A new Colorado law has recently caught the attention of national media. As businesses create more remote jobs than ever before, the “Equal Pay for Equal Work Act” has persuaded many of them to exclude Colorado residents from those opportunities.
That’s certainly a blow for a state that has gone from the nation’s lowest unemployment rate to one of the highest in a few short years, but the national media are missing the real story on the ground in Colorado.
The new law is only one in a long list of recent policies wreaking havoc on Colorado’s economy under the leadership of Governor Jared Polis.
Wage-discrimination law hurts Colorado workers
The Wall Street Journal first brought the remote-work story to national headlines with an alarming lead: “Big companies are hiring for remote positions that can be performed in any state across the U.S. except one: Colorado.”
To blame is a 2019 state law signed by Governor Polis just a few months after the start of his tenure. The legislation, which went into effect at the beginning of this year, requires employers “to disclose the hourly or salary compensation or a range of hourly or salary compensation for all job postings,” according to a legislative staff summary of the bill.
If companies fail to comply, they are subject to a penalty ranging from $500 to $10,000 per violation.
In response, many companies are including a caveat on postings for remote jobs, such as one from Johnson & Johnson: “Work location is flexible if approved by the Company except that position may not be performed remotely from Colorado.”
Even PETA, a longtime darling of the Left, has refused to hassle with the Democrat-backed wage-discrimination law, according to records from coloradoexcluded.com. At least two postings from the organization have excluded Colorado applicants.
As with progressive policies, good intentions are proving damaging to the very people they’re intended to help.
In a 2019 Op-Ed published before the bill passed, Joni Inman, executive director of the Colorado Women’s Alliance, prophetically observed, “This bill hurts women. It eliminates opportunity rather than promoting it.”
Rather than helping women in the workforce, the law is disqualifying them from certain jobs entirely — along with everyone else in the state.
National media outlets astutely spotted the threat to Colorado workers in the so-called “Equal Pay” law, but in truth, they’re only seeing the tip of the iceberg. Under the surface is an ominous mass of policies poised to sink the state if our governor doesn’t change course.
The wage-discrimination law, among other job-destroying policies, is quickly earning Colorado’s first-term governor the nickname “Governor Unemployment” among critics in the state, and for good reason.
In 2017, Colorado boasted the lowest unemployment rate in the nation. Since Polis took office in January 2019, the state has adopted a series of new policies that have driven Colorado’s unemployment rate to a dismal 37th place.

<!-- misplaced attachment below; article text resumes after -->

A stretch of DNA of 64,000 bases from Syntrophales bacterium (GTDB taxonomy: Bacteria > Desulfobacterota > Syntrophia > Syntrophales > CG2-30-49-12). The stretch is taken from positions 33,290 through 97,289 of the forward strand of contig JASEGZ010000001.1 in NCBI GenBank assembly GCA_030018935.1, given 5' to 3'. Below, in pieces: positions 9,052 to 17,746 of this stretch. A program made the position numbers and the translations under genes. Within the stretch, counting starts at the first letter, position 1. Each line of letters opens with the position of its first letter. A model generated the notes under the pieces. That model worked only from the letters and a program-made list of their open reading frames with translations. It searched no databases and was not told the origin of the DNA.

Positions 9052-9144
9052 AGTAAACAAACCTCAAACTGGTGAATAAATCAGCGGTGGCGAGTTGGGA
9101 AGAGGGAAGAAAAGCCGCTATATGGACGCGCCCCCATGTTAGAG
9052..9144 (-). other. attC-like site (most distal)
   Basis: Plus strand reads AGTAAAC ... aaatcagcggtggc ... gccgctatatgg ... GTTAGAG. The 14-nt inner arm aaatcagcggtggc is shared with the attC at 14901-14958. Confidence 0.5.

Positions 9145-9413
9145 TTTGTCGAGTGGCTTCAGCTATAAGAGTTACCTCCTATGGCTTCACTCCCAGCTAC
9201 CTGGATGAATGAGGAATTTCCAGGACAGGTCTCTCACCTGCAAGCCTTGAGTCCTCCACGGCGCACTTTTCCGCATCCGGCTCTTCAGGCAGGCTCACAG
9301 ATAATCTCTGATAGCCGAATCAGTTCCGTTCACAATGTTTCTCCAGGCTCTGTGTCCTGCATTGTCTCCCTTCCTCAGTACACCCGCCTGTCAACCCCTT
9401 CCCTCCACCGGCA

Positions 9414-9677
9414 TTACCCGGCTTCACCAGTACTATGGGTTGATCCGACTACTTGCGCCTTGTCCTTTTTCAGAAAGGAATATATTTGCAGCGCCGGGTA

Anti-energy oil and gas regulations
A 2019 law to overhaul the state’s long-standing regulatory regime for the energy industry has already eliminated nearly 8,000 jobs, according to reporting from late last year. It transformed the Colorado Oil and Gas Conservation Commission from a regulatory body to an anti-fossil-fuel activist organization.
A Colorado Open Records Act request uncovered emails from employees at the agency, which referred to the state’s oil companies as “Snake Oil Inc.,” “Bad Oil and Gas” and “Acme Company.”
Backed by Governor Polis, the law passed through the Democrat-controlled General Assembly after voters rejected a nearly identical ballot measure the year before.
Just a few months before the state lost its rank of lowest unemployment in the nation, a minimum-wage amendment to the Colorado constitution went into effect. It’s now $12.32 per hour, the sixth highest in the nation. Polis followed that up with a 2019 law allowing local governments to raise their minimum wages above the new state minimum.
Countless reports and anecdotes point to a rising minimum wage causing business closures, job losses, and reduced hours for employees.
The owner of Chef Zorba’s Authentic Greek Cuisine, Karen Lukanic, told “The Faces of $15” that she was forced to stay open less and cut work hours for staff after Denver further raised the minimum wage for wait staff. That’s despite servers already generating “$100 in tips on any given day, and it’s frequently double that,” according to Lukanic. Her workers are only a few of the victims of Polis’s minimum-wage increase.
Rising payroll taxes
Last year, voters approved Proposition 118, now the most generous paid family and medical leave law in the nation. The law will likely reduce wages and serve as a deterrent to businesses considering opening in or relocating to Colorado.
According to analysis by the nonpartisan Common Sense Institute, “Total premiums to be paid by employers could total over $1.34 billion . . . an effective increase of the corporate income tax of 204%.” Economic modeling from the institute shows that personal income taxes for a worker earning $50,000 a year could rise between 8 and 18 percent because of the law.
While voters adopted the measure through the ballot, Polis declined to use his influential platform and popularity as governor to oppose the measure. His political allies forcefully backed it.
Attack on agriculture
On the last day of the 2021 session, the legislature passed the Farmworker Bill of Rights, which would impose burdensome new wage and labor laws on the agricultural industry. The law will likely hurt the very workers it aims to help.
A spokesperson for the Colorado Farm Bureau explained, “Operating on razor-thin margins and weather timelines, farmers would be forced to cut back on workers’ hours, hiring more employees who work fewer hours to get the job done on time.”